Oil prices jumped above $112 a barrel on Thursday to near the highest level since 2008 amid signs U.S. demand remains robust despite rising fuel costs.
Benchmark crude for June delivery was up 62 cents at $112.07 a barrel by midday in Europe in electronic trading on the New York Mercantile Exchange.
In London, Brent crude for June delivery was up 67 cents to $124.53 a barrel on the ICE Futures exchange.
Benchmark oil surged $3.17 to settle at $111.45 on Wednesday as falling U.S. crude and products supplies suggested a two-month rally hasn’t deterred consumer spending.
The Energy Information Administration reported that U.S. oil supplies shrank by 2.3 million barrels last week while analysts had expected an increase of 1.6 million barrels. The EIA said inventories of gasoline and distillates also fell.
Oil is up about 33 per cent since mid-February and reached $113.46 during trading on April 11, the highest since September 2008.
Better than expected U.S. housing sales last month, a weakening dollar and a 1.5 per cent jump by the Dow Jones industrial average also helped push oil prices higher Wednesday.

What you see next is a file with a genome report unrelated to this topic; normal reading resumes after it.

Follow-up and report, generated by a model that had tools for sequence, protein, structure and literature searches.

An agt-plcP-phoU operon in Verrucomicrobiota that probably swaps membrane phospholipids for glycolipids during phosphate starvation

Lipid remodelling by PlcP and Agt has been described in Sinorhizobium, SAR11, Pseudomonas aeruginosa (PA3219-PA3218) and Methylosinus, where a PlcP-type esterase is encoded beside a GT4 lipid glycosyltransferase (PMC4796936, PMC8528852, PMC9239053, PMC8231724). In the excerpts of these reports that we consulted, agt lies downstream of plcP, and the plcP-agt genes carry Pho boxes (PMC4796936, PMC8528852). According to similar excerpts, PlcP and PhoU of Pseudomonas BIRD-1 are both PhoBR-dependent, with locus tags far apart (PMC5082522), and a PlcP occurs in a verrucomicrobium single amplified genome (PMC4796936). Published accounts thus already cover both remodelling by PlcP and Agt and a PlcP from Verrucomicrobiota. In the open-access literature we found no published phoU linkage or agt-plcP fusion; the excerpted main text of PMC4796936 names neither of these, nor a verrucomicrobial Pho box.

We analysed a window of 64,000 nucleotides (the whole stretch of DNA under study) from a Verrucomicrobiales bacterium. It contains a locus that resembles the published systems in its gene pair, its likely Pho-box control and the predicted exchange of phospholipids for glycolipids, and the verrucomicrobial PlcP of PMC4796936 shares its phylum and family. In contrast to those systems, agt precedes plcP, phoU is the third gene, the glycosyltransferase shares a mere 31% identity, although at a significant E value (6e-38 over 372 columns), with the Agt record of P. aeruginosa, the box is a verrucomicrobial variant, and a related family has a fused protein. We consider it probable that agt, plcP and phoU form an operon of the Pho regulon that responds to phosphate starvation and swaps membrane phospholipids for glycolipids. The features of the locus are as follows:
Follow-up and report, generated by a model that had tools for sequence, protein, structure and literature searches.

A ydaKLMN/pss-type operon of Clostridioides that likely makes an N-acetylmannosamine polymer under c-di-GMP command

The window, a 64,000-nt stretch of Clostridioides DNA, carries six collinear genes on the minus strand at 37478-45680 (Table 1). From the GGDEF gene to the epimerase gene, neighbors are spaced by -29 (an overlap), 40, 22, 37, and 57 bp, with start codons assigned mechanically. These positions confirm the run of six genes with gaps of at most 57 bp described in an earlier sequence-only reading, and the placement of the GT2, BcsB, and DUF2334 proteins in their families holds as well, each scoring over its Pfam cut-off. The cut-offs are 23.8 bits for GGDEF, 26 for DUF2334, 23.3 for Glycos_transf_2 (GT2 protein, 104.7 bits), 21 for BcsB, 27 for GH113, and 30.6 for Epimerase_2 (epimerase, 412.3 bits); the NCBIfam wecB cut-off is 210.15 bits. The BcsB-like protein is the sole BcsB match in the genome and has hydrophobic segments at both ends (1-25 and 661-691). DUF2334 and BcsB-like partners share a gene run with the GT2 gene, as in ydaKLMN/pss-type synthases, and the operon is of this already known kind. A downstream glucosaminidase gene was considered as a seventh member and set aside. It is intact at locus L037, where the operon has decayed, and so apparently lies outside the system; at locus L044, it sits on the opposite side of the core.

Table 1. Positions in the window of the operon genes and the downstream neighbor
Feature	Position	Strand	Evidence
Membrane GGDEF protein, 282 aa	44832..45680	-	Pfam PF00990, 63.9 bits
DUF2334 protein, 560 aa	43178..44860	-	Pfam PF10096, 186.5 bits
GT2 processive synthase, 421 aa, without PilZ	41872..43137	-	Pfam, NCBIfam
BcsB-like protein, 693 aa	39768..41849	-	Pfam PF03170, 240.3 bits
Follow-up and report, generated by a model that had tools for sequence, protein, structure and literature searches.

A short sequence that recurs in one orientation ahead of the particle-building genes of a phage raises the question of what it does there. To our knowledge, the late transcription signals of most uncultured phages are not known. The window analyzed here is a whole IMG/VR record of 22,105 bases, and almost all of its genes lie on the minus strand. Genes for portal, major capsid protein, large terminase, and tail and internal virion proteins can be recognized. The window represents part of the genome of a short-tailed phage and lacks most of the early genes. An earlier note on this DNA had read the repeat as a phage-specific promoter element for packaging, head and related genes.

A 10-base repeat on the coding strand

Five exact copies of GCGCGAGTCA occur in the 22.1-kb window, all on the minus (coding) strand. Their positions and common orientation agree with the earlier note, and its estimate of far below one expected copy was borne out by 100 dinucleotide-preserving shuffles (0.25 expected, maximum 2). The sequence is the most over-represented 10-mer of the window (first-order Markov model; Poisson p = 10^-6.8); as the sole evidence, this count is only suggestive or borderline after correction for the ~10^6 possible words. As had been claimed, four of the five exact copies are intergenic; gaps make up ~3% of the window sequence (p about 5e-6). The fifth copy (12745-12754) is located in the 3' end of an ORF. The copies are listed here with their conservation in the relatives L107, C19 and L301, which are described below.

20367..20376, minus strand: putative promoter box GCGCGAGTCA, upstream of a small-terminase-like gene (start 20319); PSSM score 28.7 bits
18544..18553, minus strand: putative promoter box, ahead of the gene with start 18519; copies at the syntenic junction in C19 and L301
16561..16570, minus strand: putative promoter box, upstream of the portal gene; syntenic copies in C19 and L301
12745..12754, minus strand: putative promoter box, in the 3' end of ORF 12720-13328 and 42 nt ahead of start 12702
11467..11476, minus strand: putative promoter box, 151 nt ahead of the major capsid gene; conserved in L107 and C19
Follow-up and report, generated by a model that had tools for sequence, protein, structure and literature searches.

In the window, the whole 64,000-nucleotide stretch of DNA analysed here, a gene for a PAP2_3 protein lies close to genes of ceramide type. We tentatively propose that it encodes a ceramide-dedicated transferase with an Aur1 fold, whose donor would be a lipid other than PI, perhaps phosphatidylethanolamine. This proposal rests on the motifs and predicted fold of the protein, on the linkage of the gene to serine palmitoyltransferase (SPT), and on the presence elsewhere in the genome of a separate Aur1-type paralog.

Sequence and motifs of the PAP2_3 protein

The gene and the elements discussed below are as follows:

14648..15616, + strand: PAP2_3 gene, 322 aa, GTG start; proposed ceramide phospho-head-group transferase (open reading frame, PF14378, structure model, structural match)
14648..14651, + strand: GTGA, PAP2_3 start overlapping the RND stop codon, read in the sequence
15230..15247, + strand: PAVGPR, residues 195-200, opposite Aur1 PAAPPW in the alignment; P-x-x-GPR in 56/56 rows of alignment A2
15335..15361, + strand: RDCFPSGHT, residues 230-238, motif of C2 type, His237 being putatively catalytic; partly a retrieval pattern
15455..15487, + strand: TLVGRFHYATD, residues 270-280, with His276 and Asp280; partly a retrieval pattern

Improving economic data from developed countries and investor concern crude supplies could be disrupted in the Middle East and North Africa should keep oil prices well above $100 this year, said Ben Westmore, an energy analyst with National Australia Bank.
“The risk premium currently factored into oil prices is expected to persist through 2011,” Westmore said. He expects benchmark crude to average $116 in the fourth quarter.
Other analysts say global economic growth will likely slow during the rest of the year, bringing down crude demand and oil prices. Captial Economics is forecasting Brent crude to drop to $75 during 2012.
“Global demand growth is set to slow and the risk premium currently in the price due to events in Libya will dissipate,” Capital Economics said.
In other Nymex trading in May contracts, heating oil was flat at $3.22 a gallon and gasoline gained 1 cent at $3.29 a gallon. Natural gas futures were up 3 cents at $4.34 per 1,000 cubic feet.
Keywords: oil prices